From the beginning onward, The Acolyte’s sixth episode unfolds like a Star Wars flavor of The Parent Trap. The twins Mae and Osha have swapped places and, in turn, masters. The episode proceeds by switching back-and-forth between Mae and Osha’s interactions with each others’ master. This proves to be really intelligent storytelling as it exposes Mae and Osha (but especially Osha in this episode) to starkly opposing viewpoints. The lives of both characters diverged quite markedly following the disaster on Brendok, with their subsequent masters playing significant roles in forming their worldviews. But, here, those worldviews are challenged. Osha began this episode with an idea of the Jedi as an all-good, unwaveringly well-intentioned institution of people, but The Stranger pushes back on this assumption, encouraging Osha to be more skeptical of the morals of the order she once belonged to. Much of episode 6 unfolds as a conversation between Osha and The Stranger, one that highlights the seductive nature of the dark side and exposes cracks in the ethics of the Jedi.

Osha first comes across The Stranger by following him as he journeys to a pond on the island (similar to how Rey follows Luke around on Ahch-To in The Last Jedi). The Stranger then strips down and joins Kylo Ren, Anakin, and Yord as the latest Star Wars character to have a shirtless scene (surely much to the delight of the section of Star Wars social media thirsting over Manny Jacinto’s character after last week). This shirtless scene also serves a purpose though as it depicts an interesting scar on The Stranger’s back. Later in the episode, The Stranger discusses the scar with Osha, teasing that the damage was caused by a lightsaber and that he was stabbed in the back by someone. We may be reaching here, but could the winding nature of the scar indicate that it came from Vernestra Rwoh’s lightsaber whip? Regardless, it is clear that there is much to learn about The Stranger’s backstory.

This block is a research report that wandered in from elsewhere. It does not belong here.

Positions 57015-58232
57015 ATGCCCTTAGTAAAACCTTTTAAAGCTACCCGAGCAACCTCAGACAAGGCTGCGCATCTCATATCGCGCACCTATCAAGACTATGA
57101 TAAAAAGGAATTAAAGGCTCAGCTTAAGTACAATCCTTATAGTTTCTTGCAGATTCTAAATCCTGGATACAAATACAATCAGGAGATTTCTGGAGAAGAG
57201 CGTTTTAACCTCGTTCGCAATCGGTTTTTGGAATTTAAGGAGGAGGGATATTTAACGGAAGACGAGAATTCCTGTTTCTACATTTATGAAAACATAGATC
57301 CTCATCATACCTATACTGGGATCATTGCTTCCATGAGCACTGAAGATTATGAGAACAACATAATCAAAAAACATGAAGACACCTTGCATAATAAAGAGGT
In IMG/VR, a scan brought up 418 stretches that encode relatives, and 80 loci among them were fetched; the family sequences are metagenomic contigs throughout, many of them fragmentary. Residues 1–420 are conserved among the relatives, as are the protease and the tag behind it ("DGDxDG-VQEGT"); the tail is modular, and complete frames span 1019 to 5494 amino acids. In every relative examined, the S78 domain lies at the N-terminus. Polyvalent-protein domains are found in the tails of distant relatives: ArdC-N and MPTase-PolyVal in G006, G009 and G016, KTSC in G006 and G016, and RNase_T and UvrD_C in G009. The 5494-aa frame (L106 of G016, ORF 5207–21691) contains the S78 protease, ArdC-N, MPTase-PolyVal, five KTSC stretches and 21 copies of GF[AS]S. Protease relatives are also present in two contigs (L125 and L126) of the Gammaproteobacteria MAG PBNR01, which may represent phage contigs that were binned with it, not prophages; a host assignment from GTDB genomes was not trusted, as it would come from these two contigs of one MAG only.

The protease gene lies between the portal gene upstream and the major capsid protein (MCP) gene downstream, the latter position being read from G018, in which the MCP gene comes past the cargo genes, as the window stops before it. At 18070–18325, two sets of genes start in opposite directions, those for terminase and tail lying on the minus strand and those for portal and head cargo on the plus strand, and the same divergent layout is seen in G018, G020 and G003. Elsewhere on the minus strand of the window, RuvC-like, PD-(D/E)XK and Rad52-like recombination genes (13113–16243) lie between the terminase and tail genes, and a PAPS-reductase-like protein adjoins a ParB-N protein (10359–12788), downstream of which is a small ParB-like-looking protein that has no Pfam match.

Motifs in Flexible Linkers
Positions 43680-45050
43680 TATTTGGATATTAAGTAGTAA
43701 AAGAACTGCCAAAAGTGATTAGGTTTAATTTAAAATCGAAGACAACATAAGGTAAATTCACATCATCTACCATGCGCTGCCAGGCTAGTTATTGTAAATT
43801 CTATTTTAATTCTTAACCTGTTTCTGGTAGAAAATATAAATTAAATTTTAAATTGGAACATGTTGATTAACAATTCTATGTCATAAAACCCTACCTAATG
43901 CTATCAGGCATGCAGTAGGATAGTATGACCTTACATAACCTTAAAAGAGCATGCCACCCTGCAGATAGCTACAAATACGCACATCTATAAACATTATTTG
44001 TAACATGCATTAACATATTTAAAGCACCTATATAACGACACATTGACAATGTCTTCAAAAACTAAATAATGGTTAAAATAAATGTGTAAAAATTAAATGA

As The Stranger swims in the pond, Osha grabs his lightsaber. The Stranger compliments Osha’s stance and offers a bit of advice. “You should keep your other elbow up higher,” he says. Much of the dialogue in this episode teases that Osha will be the pupil Mae failed to be – that she will be The Stranger’s acolyte. Jacinto’s character clearly sees potential in Osha and subtly exploits her buried emotions by casting doubt on the teachings and morals of the Jedi. 

Everything The Stranger says to Osha is so meticulously crafted to manipulate Osha. A great example of this is when he comments that it is interesting that she asked about Sol’s well-being before she asked about her sister Mae’s well-being. Manny Jacinto has delivered the standout performance in The Acolyte so far, and continues in this episode by showing a different side to his character – one that is more cognitively and emotionally manipulative and one that shows the more subtle powers of the dark side.